Universities are hoping partnerships with foreign institutions will help their international student enrolments recover when border restrictions are eventually lifted.
They say there is a trend away from using agents to sign up as many students as possible.
Massey University recently announced a joint institute in China with the Nanjing University of Finance and Economics, where up to 1200 students could work toward Massey degrees without ever coming to New Zealand.
The university's deputy vice-chancellor students and global engagement, Tere McGonagle-Daly, said the pandemic had shown that universities needed to broaden the ways they enrolled students.
"It's really about diversifying the type of international student that studies with and giving them choice because some international students would love to study in New Zealand, some students would love to study at home and do a New Zealand programme and we're trying to make sure we get a good combination of the two as opposed to putting all of our programmes into a single option for students," McGonagle-Daly said.
The joint institute had not required any capital investment by Massey in China because the Nanjing university already had its own buildings, he said.
Victoria University recently announced a partnership allowing students who study two years at the Vidyalankar School of Information and Technology in Mumbai to study for two more years at Victoria and get a Victoria degree communications.
The university's deputy vice-chancellor of engagement, Blair McRae, said such deals were becoming increasingly common.
"The world's sort of moved away from universities going away and working with agents and collecting as many students as they possibly can through the agents that operate across the world to more partnership-type arrangements," he said.
"We know we will get far better dividend from our investment by teaming up with like-minded organisations."
It was too early to estimate how many students might come to New Zealand through the partnership, McRae said.
Universities New Zealand director Chris Whelan said partnerships with foreign universities were especially important as universities tried to rebuild their international student numbers once the borders reopened.
"We have on our records about 50 different arrangements between our eight universities and covering up to about 1300 students a year. Now that number is continuing to grow, this is a pretty normal trend internationally at the moment," he said.
Most partnership agreements allowed students to do a year or two of study in their home country and a year or two in New Zealand and that suited a lot of students, he said.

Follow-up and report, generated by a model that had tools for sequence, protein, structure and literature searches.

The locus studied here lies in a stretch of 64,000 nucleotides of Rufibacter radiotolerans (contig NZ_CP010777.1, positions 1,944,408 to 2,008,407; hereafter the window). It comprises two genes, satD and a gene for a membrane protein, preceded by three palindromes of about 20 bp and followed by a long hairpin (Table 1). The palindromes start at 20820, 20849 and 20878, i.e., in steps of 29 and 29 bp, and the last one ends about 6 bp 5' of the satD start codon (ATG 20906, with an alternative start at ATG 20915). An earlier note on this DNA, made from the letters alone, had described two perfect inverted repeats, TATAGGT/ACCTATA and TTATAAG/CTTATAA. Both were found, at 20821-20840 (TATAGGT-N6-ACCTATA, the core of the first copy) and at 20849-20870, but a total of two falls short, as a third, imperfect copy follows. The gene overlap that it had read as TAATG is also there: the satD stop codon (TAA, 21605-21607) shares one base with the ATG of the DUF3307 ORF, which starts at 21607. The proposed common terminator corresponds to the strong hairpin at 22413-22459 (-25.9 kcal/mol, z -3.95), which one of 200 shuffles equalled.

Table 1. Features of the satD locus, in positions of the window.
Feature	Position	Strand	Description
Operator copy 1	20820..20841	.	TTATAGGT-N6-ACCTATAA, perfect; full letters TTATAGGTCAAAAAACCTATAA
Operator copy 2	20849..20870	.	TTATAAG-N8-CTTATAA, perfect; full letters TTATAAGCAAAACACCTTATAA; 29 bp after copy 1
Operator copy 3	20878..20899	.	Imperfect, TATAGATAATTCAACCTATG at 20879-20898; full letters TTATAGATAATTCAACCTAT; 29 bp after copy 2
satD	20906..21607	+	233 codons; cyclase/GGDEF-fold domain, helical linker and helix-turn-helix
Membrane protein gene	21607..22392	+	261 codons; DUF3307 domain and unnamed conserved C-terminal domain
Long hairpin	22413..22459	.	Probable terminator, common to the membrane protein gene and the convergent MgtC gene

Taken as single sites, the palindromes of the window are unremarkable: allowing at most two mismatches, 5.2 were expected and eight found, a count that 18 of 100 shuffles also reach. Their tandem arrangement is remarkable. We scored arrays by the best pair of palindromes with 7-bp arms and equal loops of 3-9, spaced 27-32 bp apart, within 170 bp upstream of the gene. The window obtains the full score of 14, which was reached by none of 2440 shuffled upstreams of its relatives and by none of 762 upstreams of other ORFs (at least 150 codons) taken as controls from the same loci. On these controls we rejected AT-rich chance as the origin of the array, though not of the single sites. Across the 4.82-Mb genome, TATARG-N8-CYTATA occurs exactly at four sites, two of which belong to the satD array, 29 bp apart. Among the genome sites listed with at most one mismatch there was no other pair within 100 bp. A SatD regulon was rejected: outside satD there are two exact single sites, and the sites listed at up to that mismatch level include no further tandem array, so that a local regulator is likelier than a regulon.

"Most international students, they really want the experience of living and if possible working overseas for a period of time, but they don't necessarily want to spend all three or four years of their degree actually living overseas. If they can do a couple of years overseas and a couple at home that's great and that's becoming increasingly popular and more and more universities are offering that as an option."
The partnership agreements covered a variety of countries including the United States, but most involved institutions in Asia, he said.
Overseas campuses were not common but their number was growing, he said.
"They tend to be quite expensive, they tend to be high-risk and you've got to be pretty certain about the demand from your students before you want to invest too much in those kinds of campuses."
Overseas campuses were not solely about increasing university revenue as they also provided a place for New Zealand students to study and could become a source of postgraduate students, Whelan said.
Last year, all eight universities entered an agreement allowing students to complete their first year of study at NCUK, an organisation with campuses in 29 countries, before coming to New Zealand.
Whelan said the arrangement would make a big difference for students.
"It will make quite a difference for students that are currently stuck off shore. It'll allow them to basically start their studies with a high degree of confidence that they'll be able to get here once they've finished that first year," Whelan said.
Such arrangements helped ensure students were well-prepared for study in New Zealand, he said.